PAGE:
The messaging app Hangouts instantly processes videos, to keep them ready in the phone’s gallery. That way the user doesn’t have to waste time looking. But, Drake says, this setup invites the malware right in.

If you’re using the phone’s default messaging app, he explains, it’s “a tiny bit less dangerous.” You would have to view the text message before it processes the attachment. But, to be clear, “it does not require in either case for the targeted user to have to play back the media at all,” Drake says.

Gives attackers system privileges. Proportion of Android devices vulnerable: 95%. Google has pushed out an update to hardware makers. But have the hardware makers pushed the update out? Google reckons that if 50% of devices get it, that will be good.

The big risk is that someone will create a Blaster-style worm that attacks a phone and then accesses its phone book to send malicious MMSs to the numbers in the phone book.
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Don’t order the fish » Marco.org

Marco Arment:

With the introduction of Apple Music, Apple confusingly introduced a confusing service backed by the iTunes Store that’s confusingly integrated into iTunes and the iOS Music app (don’t even get me started on that) and partially, maybe, mostly replaces the also very confusing and historically unreliable iTunes Match.

So iTunes is a toxic hellstew of technical cruft and a toxic hellstew of UI design, in the middle of a transition between two partly redundant cloud services, both of which are confusing and vague to most people about which songs of theirs are in the cloud, which are safe to delete, and which ones they actually have.

iTunes has Microsoft’s problem: supporting a gigantic range of legacy hardware in the form of millions of iPods and iPhones.
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Everything in its right place » Official Google Blog

Bradley Horowitz, VP of “Streams, Photos and Sharing”:

People have told us that accessing all of their Google stuff with one account makes life a whole lot easier. But we’ve also heard that it doesn’t make sense for your Google+ profile to be your identity in all the other Google products you use.

So in the coming months, a Google Account will be all you’ll need to share content, communicate with contacts, create a YouTube channel and more, all across Google. YouTube will be one of the first products to make this change, and you can learn more on their blog. As always, your underlying Google Account won’t be searchable or followable, unlike public Google+ profiles. And for people who already created Google+ profiles but don’t plan to use Google+ itself, we’ll offer better options for managing and removing those public profiles.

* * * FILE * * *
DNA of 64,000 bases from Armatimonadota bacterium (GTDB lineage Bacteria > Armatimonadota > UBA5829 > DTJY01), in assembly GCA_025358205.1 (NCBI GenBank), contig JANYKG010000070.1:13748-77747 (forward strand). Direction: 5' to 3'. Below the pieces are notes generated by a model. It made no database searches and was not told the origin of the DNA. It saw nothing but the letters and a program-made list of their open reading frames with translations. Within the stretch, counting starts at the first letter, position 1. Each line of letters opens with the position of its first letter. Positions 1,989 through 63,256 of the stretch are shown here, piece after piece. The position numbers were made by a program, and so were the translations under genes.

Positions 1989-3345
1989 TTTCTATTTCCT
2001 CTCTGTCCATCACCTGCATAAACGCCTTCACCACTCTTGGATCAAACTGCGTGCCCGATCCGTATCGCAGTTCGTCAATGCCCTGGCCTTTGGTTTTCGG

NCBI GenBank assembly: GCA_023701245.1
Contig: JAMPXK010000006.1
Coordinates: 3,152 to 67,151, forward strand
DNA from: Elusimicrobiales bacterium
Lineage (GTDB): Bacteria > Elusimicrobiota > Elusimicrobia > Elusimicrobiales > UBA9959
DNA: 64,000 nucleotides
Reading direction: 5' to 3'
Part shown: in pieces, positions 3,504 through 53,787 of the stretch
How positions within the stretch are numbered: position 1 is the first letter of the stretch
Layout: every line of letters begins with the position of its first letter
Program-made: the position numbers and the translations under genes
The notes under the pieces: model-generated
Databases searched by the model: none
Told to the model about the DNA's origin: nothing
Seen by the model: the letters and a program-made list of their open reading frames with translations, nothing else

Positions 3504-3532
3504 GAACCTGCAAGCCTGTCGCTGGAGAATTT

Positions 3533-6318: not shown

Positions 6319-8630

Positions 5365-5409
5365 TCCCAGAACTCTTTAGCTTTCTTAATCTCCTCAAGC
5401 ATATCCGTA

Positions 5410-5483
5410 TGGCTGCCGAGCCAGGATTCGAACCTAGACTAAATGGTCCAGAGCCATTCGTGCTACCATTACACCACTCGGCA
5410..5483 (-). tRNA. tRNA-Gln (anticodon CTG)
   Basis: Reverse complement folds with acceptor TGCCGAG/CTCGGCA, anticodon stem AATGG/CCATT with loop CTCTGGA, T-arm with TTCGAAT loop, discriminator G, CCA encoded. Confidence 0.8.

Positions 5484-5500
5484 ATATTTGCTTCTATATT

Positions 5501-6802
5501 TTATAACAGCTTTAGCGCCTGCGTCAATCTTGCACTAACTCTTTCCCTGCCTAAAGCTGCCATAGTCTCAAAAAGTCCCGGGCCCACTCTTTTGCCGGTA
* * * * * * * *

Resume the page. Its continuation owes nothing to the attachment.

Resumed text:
You’ll see these changes roll out in stages over several months. While they won’t happen overnight, they’re right for Google’s users—both the people who are on Google+ every single day, and the people who aren’t.

On that YouTube blogpost:

The comments you make on YouTube will now appear only on YouTube, not also on Google+. And vice-versa. This starts rolling out today.

Google+ is no longer obligatory. Slightly too soon to call it dead. But it will never grow big. And we’ll never hear those faintly bogus stats about “user sharing” or inflated claims of users.
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One thought on “Start up: a huge new Android security risk, Google+ downgraded, iTunes’s giant mess, and more

  1. The whole Operating System spanning watch to Jumbotron is bonkers. In the short term it might make sense from a developer perspective (not that developers are developing modern apps for Windows devices – why should you when you can do iOS, Android and then web?)

    But further down the line, the key thing that developers are only just vaguely beginning to scratch the surface of is designing around context (see http://mmitii.mattballantine.com/2013/02/04/contextual-design/); form factor *plus* where the device is and when it’s being used will become the differentiators. The idea that someone will build one single app to span all of those things, well – what’s the advantage? Sound like bloated complexity to me…